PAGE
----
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May 26, 1968 --
I rode shotgun on my first convoy, taking a load of food (C-rations) in huge bundles to Vung Tau, on the coast about 150 km from here. We got up at three in the morning (I had only gotten to bed at midnight), were herded bleary-eyed into the mess hall and fed two runny eggs aid a glass of OJ, then trooped over to the operations shack to stand around motionless in the dark until five of us were singled out to ride with the 86th TC and told to get in the back of a deuce-and-a-half. Still in the dark, we drove out the main gate of the 543rd and slipped into one of the night convoys heading north to Long Binh.
When we got to the 86th motor pool it was just starting to get light, and when I got out of the truck I discovered that I was covered with axle grease that had been all over the floor of the truck we had just ridden in. I stayed soaked all day, since grease doesn't evaporate in the heat like water does. After a John Wayne briefing talk, the lieutenant assigned shotguns to trucks and it was my luck to draw an old rattletrap without a canvas top and only an oil-soaked pillow for a seat back.
The convoy finally got under way at 0800, five hours after we were gotten out of bed. And so we set off, through verdant jungle, threading our way through vast rubber plantations and across banked up dikes amid fields of rice. Everywhere are the distinctive gravesites, score of them very old-looking, most of them ornately ornamented with sculpted crosses, multicolored mosaics, carved tablets listing vital statistics. There doesn't seem to be any order to most of their locations, and we see them dotting the corners of rice paddies or sideyards of tacky-looking houses.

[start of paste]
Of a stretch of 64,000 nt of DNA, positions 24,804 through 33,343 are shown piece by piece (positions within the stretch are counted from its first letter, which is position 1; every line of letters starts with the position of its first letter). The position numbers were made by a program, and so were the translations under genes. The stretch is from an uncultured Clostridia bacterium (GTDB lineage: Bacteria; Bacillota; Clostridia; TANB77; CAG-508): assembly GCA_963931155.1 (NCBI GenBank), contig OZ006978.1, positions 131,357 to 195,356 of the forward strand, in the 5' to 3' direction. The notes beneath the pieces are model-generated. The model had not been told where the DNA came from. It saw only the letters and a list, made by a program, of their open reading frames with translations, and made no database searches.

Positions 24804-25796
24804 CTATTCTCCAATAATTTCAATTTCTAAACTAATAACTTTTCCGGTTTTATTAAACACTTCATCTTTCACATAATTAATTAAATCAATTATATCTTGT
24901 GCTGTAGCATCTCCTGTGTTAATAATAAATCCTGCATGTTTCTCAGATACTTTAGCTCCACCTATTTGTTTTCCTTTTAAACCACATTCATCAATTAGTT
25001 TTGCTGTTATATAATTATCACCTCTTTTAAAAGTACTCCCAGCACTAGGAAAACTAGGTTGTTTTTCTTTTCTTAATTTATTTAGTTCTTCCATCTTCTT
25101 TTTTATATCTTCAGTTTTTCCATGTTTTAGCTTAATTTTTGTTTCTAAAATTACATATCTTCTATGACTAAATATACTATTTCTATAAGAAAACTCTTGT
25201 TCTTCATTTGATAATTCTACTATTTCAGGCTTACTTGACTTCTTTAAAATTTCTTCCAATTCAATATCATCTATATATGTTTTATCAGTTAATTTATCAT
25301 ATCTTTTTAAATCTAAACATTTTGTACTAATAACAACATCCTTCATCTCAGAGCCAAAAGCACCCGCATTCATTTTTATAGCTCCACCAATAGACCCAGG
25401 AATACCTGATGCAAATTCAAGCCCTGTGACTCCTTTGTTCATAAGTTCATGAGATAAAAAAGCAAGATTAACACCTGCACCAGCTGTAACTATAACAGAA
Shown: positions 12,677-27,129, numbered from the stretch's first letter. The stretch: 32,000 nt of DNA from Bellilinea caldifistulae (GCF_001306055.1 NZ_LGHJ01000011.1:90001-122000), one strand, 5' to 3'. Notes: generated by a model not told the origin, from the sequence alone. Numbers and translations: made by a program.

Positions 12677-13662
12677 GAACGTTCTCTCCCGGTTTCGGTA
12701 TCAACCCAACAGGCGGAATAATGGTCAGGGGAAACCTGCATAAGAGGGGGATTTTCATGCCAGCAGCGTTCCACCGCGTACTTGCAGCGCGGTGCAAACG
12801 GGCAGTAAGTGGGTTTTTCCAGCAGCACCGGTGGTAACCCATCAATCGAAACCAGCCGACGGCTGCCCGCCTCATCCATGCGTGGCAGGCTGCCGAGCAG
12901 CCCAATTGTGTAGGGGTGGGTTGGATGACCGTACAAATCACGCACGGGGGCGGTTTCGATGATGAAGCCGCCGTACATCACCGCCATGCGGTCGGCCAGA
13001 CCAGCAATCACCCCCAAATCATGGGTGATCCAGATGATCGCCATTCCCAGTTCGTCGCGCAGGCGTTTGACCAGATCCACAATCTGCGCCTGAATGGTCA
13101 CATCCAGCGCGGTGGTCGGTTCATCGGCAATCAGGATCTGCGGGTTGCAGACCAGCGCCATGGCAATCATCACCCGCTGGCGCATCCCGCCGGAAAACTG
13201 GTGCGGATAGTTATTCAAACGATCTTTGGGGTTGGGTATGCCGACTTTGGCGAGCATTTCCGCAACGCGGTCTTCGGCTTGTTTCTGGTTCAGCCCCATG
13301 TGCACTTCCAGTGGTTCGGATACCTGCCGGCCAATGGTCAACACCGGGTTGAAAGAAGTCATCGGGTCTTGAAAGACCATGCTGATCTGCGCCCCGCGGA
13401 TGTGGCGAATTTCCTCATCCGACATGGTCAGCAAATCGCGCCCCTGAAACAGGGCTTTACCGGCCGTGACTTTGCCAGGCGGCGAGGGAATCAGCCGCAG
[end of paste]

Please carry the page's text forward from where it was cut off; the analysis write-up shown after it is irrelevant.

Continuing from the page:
Out in the middle of nowhere I saw some kind of religious-looking building with a statue in front of it that looked like a skinny Buddha with a bunch of arms. I asked my driver, a guy from the 96th, about it, but he says he doesn't know anything about it, he's just a driver, not a tour guide.
The villages are a wonder. Their main streets look more like back alleys in America. They are very narrow and the houses and shops (sometimes both are found together in one room) are right up on the edge of the street, all with open fronts and metal grates that are closed over them at night. When the convoy rolls through the village the little kids run out and wave at the trucks. I waved back at all of them, smiling and sometimes I'd pick out one very tiny child and smile widely until they smiled back, usually a little self-consciously.
The driver of my truck told me about how things used to be when they'd drive along and take bets on how many peasant water buffalo they killed on each convoy. When the convoy was over in the evening, all the drivers would gather at the EM club and compare numbers; the one with the highest kill count for the day won the kitty, which varied with the number of drivers playing.
We passed out of the jungle-and-rice-paddy area into a forest of rubber trees, laid out in perfectly symmetrical rows, row upon row as far back from each side of the road as I could see. Each tree had a series of diagonal slashes that had dried, and some had a fresh slash with shallow pans somehow suspended under the lower end of it to catch the raw rubber that oozed from it. I expected something lush and exotic, but what it reminded me of more than anything was some vast American fruit orchard.
When we finally got to Vung Tau we had to sit around for hours to wait for the trucks, 26 of them, plus trailers, to be unloaded, one at a time, by a bored GI on a broken-down forklift truck. The sun was blazing hot and I got a sunburn on my nose and arms. Finally I got out of the open cab, cursing because I had enjoyed the convertible effect on the way down, and crawled under the bed of the truck in the shade and stretched out to take a nap.